Are there simple solutions that would work for you to provide livestock adequate shelter from severe weather and intense summer heat?
Equally there are some more long-term strategic decisions that the industry, research, government and the supply chain need to be thinking about, whether that’s developing innovative approaches to managing and monitoring new pests and diseases, breeding crops and livestock that are more resilient to heat stress, ensuring that farmers get a fair share of water or better sharing climate risk across the supply chain.
We need to work together to ensure that the solutions are available and viable for those producing the food that feeds the UK.
What are the benefits of farm adaptation?
What is great about many of the actions we can take to adapt to climate change is that they can also help mitigate against global warming and benefit biodiversity and society.
One of the clearest examples of this is building up soil organic matter where possible. Not only is this good for carbon sequestration, but it can also lead to better water-holding capacity, which will help crops in drier summer conditions, and benefit soil biodiversity.
There’s no one solution to making sure that UK agriculture is ready for the impacts of climate change, but the cumulative effect of lots of different measures on-farm and beyond can add up to make a real difference.
How can I find out more?
On 1 March 2022 NFU climate change advisor Dr Ceris Jones and Met Office climate scientist Dr Pete Falloon held a Twitter Spaces live conversation talking all about adapting to climate change.
IPCC publishes report on impacts, adaptation and vulnerability
Global food production
The IPCC report states that climate change is “increasingly hindering efforts” to meet the nutritional and calorific needs of humanity, and is already affecting “all dimensions of food security”. This includes availability, access, stability, and food quality and safety.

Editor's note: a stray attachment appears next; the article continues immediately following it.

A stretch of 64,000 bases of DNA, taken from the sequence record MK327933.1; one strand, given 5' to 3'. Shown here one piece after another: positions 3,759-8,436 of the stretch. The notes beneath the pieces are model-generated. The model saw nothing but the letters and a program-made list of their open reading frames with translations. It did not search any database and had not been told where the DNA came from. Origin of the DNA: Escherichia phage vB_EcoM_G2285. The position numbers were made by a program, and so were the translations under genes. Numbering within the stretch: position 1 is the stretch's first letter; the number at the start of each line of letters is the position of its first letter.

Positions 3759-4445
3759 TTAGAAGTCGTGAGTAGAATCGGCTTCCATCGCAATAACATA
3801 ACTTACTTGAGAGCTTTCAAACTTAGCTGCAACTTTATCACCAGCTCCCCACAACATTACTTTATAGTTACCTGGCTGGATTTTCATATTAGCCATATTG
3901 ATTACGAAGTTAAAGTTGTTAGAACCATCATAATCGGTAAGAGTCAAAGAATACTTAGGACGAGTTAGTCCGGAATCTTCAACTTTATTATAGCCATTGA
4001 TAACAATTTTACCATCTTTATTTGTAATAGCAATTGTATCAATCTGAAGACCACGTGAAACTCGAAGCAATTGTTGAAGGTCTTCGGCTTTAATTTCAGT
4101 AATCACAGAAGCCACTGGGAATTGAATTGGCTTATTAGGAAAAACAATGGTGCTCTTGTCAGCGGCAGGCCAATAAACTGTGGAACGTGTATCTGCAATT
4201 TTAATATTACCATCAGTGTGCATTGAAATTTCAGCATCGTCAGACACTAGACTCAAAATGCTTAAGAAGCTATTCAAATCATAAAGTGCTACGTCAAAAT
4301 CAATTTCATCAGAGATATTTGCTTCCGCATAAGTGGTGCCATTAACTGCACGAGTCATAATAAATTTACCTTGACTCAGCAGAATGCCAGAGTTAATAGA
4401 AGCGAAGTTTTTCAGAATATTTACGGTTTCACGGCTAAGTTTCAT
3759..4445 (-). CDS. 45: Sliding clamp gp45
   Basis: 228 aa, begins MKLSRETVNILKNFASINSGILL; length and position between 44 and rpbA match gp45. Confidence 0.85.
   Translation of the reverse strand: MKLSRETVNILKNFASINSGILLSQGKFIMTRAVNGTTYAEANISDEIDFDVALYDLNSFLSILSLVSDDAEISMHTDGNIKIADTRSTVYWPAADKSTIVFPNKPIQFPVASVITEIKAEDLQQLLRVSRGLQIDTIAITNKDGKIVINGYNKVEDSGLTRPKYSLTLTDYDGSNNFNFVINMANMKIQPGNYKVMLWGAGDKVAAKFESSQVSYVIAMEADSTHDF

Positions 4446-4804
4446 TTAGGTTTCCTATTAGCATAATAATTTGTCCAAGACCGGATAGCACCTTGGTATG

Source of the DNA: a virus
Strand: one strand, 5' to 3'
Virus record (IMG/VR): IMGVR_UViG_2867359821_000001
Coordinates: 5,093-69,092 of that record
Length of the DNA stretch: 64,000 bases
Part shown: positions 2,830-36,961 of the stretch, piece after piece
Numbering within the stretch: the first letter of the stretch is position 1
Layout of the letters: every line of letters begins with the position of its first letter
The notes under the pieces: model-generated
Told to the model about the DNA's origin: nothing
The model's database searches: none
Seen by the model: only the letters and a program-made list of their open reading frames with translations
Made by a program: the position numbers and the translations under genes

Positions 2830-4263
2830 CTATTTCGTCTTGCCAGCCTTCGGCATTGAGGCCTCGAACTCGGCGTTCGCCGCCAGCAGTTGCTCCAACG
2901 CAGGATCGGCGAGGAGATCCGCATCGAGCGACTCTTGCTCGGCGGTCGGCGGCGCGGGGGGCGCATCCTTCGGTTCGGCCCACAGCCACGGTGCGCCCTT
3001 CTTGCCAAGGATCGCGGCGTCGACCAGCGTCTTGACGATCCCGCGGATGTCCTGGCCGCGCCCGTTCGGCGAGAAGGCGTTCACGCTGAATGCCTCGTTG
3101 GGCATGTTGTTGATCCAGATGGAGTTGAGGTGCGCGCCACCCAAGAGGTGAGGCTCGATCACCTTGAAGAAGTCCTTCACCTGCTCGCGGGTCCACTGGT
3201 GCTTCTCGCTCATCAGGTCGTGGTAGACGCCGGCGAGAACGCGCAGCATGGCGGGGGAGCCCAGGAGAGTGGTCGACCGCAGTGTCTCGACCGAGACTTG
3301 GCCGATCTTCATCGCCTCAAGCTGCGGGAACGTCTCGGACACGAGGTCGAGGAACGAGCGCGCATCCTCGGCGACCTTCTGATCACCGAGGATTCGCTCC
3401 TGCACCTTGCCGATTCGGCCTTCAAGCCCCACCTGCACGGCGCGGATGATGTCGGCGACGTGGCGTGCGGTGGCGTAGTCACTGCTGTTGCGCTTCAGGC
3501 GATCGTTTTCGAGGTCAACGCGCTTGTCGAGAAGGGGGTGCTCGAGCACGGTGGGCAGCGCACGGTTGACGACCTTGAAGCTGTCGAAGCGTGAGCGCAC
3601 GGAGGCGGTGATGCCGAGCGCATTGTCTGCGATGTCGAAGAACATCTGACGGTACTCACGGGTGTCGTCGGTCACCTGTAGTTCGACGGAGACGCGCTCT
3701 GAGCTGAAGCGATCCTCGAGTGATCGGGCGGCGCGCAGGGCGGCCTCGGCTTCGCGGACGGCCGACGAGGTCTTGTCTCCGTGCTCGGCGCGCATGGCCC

It shows that, over the past 30 years, major crop yields have decreased globally by 4-10% due to climate change. The greater the increase in temperature, the greater the risks not only to food production and productivity, but to soil health, pollination, livestock mortality, crop nutritional value and pest and disease pressure.
It suggests that farmers could increase their businesses’ climate resilience by:
- Diversifying their crops and livestock
- Planting trees and bushes on fields
- Increasing soil health and soil organic matter
"It is crucial we act quickly. Even though impacts are felt more keenly elsewhere, the UK is not exempt."
NFU environment forum chair Richard Bramley
Climate change and nature
The report demonstrates that nature offers a lot of untapped potential to both reduce climate risks and improve people’s lives, and calls for ecosystems to be restored and safeguarded.
It also stresses that solutions are deployed in the right places and with the right approaches for that area, guided by local and indigenous knowledge, scientific understanding and practical expertise.
Impacts on UK farming
The summary doesn’t specifically discuss UK agriculture, but it does reinforce the view that food production in northern Europe could be relatively less affected than other places in the world.
It states that specific impacts of climate on agriculture vary by region, and highlights sub-Saharan Africa, South America, the Caribbean, southern Asia and western and southern Europe as the main places experiencing negative climate impacts.